"A few questions will reduce the mystery."TECHNICAL SPECS: The episode is on disc 2 of The Beginning DVD boxed set as part 2 of The Daleks. First aired Dec.28 1963.
IN THIS ONE... The cast is captured by the Daleks and Susan is allowed to return to the TARDIS to get the Thal drug kit that could cure their radiation poisoning.
REVIEW: Right off the bat, the episode doesn't start with a full reprise of the last's cliffhanger. Much less effective without the scream. Getting past the sucker arm, the Daleks appear in fully realized form in the course of the episode. The look, the voices, the equipment tailored to their obvious handicaps, and the idea that they might not be robots, but creatures inside metallic shells. It's all there. We're only missing an "Exterminate!" or two. And these early Daleks actually put some later appearances to shame. The shells are brand new, for one thing, but their smooth balletic moves, coordinating floor movement with eyestalk expression is quite an achievement considering that 1) this is the first time they're used and 2) the way tv was filmed in those days, almost live-to-tape. There's even a "hero" eyestalk with a size-changing shutter. It makes the Daleks just a touch more expressive. I can totally believe they captured the imagination of kids throughout the UK during Christmas break.
The plot isn't quite as striking. There's some rummaging around in Doctor Who's first corridors, where the stark lighting makes the characters glisten with sweat, and we know they've been hit with radiation. They basically discover what we've known since the end of 100,000 B.C. Captured by the Daleks, Ian is hit with one of their beams, which only paralyzes his legs. A far cry from extermination, but it still works as a particularly cruel punishment. And then, there's some back and forth between the Doctor and the Daleks, giving the latter opportunities to infodump their history on the audience. At least we find out the Doctor wasn't so reckless as to really destroy the fluid link, but I guess just reckless enough to lie about it and get them all into a spot of trouble. The Thal anti-radiation meds are back in the TARDIS, and they're all trapped in a cell, dying. The Doctor proves his worth as a protagonist by convincing the Daleks he can be of use, and Susan is sent out to get the medication before it's too late.
Poor Susan! There's one moment where she inappropriately giggles that might recall her "unearthly" portrayal in the series opener, but otherwise, she's almost cringe-inducingly wet, turning the petrified forest where she lately picked crystal flowers into a tempest-torn nightmare. Susan is afraid of everything and unsure of herself in a way I find hard to believe for someone's who been traveling through time for a while. And with Barbara exhibiting the same (if not as melodramatic) behavior, there's little for the women to do except whimper and scream. Susan is used for this mission as a last resort, which gives her no credit at all from any of the characters. Terry Nation is no feminist. Thunder and lightning, plus a strange figure hinted to be a horrible mutant, would have believably put Susan on edge without the need for such hysterics even before she goes out of the city. Over-egging the terror pudding, as they say.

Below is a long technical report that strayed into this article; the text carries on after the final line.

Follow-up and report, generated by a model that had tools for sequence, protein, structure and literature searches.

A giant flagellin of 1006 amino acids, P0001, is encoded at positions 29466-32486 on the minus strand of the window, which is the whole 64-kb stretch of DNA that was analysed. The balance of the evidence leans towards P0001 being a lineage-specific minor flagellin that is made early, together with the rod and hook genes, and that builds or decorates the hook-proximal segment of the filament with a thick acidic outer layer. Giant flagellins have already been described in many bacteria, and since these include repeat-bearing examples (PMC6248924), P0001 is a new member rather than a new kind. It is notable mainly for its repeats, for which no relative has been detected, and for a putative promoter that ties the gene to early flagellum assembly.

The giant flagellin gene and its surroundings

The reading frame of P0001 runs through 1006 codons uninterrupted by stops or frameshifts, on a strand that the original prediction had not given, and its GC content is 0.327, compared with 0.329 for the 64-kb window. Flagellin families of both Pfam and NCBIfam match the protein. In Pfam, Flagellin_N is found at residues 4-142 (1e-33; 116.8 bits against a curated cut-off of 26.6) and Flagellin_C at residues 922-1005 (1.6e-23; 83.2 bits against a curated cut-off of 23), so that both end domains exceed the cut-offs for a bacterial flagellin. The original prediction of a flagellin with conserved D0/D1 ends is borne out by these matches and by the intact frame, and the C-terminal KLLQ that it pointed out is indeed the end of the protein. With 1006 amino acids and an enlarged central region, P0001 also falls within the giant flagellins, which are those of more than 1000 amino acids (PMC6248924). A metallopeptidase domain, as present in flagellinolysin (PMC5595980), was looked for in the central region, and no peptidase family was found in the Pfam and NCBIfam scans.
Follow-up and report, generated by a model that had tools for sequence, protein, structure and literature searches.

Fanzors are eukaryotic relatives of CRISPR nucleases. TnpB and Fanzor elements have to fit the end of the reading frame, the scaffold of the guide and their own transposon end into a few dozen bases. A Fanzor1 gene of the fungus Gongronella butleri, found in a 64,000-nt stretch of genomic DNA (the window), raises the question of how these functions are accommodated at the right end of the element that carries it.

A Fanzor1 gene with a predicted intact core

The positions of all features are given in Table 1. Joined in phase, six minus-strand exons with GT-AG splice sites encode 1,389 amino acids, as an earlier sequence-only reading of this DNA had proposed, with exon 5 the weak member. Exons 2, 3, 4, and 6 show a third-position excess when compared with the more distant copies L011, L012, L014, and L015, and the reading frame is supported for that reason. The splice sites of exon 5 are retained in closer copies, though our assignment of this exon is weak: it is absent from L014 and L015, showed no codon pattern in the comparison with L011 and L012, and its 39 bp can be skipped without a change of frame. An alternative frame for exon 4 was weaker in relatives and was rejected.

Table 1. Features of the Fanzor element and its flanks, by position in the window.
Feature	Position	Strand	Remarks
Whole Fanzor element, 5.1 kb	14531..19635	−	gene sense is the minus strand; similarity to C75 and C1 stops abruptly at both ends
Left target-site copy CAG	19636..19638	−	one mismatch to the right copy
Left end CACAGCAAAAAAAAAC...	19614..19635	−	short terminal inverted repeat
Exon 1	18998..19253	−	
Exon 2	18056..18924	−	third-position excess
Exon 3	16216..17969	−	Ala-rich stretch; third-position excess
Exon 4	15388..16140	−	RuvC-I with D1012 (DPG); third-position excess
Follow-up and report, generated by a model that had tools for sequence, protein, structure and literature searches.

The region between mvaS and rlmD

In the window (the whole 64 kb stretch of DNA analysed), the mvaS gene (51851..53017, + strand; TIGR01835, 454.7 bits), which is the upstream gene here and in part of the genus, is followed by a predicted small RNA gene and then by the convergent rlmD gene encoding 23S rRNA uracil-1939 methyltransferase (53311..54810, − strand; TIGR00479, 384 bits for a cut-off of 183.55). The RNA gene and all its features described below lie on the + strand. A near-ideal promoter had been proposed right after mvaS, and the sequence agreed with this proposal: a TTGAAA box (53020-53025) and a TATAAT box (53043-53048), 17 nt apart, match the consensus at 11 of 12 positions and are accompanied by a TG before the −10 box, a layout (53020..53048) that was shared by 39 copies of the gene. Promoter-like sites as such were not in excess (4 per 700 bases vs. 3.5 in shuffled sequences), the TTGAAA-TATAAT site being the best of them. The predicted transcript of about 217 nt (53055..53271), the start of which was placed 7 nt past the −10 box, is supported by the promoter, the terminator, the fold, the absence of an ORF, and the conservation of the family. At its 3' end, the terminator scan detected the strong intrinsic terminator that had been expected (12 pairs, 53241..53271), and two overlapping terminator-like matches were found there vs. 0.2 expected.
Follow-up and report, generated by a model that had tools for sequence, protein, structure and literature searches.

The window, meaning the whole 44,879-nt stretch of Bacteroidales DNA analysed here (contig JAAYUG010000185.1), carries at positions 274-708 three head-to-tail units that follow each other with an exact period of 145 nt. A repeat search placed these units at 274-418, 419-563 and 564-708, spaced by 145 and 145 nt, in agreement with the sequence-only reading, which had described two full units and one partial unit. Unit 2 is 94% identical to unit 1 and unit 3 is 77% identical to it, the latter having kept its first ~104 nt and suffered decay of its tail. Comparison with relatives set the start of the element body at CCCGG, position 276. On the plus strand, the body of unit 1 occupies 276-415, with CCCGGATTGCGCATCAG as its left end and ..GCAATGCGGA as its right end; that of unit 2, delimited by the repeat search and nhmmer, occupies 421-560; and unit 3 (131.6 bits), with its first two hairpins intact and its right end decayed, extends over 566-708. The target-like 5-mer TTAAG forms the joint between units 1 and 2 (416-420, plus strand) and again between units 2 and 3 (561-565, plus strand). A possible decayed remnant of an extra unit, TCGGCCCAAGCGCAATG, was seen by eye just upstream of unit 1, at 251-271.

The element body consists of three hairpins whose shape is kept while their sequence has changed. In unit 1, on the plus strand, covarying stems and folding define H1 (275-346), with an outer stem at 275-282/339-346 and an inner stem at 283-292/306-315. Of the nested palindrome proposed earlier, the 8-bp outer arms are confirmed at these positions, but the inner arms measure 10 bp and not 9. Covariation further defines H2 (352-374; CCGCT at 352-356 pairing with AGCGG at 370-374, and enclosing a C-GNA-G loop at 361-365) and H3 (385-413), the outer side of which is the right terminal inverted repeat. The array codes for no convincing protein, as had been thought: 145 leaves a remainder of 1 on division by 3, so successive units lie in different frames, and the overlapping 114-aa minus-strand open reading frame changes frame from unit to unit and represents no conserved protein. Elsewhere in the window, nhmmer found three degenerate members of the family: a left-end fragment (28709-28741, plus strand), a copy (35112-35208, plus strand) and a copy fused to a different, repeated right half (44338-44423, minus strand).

Other bits I don't care for include the impractical notion that the TARDIS lock will melt if someone other than a Time Lord puts the key in the lock. Over-complicated mumbo-jumbo that will soon enough turn out to be false. One might imagine that the Doctor grew less paranoid over time and disabled this feature. Then there's the running sequence, which gives 100,000 B.C. a run for its money in terms of silliness. The actress runs in place with spinning background behind her, not one of director Christopher Barry's best effects moments (of which there have already been many). The last disappointment is the cliffhanger, which is the weakest the show has yet to produce. Susan's just gone through the scary jungle unharmed, and... she must do it again! Oooh. So it's a good thing the Daleks are such a success. Turn them into guys with silver make-up (or something) and you've got a much weaker B-movie.
THEORIES: If you're tracking data about whether or not the Doctor already knew about the Daleks, there's nothing here to indicate he didn't. He plays dumb with them, and doesn't lie to his companions. Of the Dalek timeline, we glean that the atomic war happened 500 years ago, which you might think isn't long enough for the Thals to "evolve" a different appearance, but the radiation makes anything possible. The Daleks haven't seen the Thals in generations, but imagine them to be mutants. Aside from the hypocrisy of the statement, might this be some kind of reference to the Mutos from Genesis of the Daleks? Skaro has a history of war and mutation, after all.
One incongruity we should address is how hard the Doctor is hit by the radiation, while later Doctors are often shown to be more impervious to radiation than the norm. The obvious answer is that they hadn't decided on that yet, and needed the Doctor in jeopardy and unable to reach the TARDIS. The in-story answer might be that the first Doctor's age (by which I mean his current body's age) is too advanced for this Time Lord ability to work properly. If each Time Lord incarnation can live for centuries (and the first Doctor may already be some 450 years old, going by the times other Doctors say their age and working backwards), and we know this Doctor is to die of fatigue and old age in only 3 (give or take the number of years taken off his life in The Daleks' Master Plan), we'd be safe to assume he's at the tail end of this body's shelf life. Age is actually a good justification for a number of inconsistencies having to do with Time Lord physiology.
REWATCHABILITY: High - First full appearance of the Daleks, and it's enough to forgive any of the episode's weaknesses.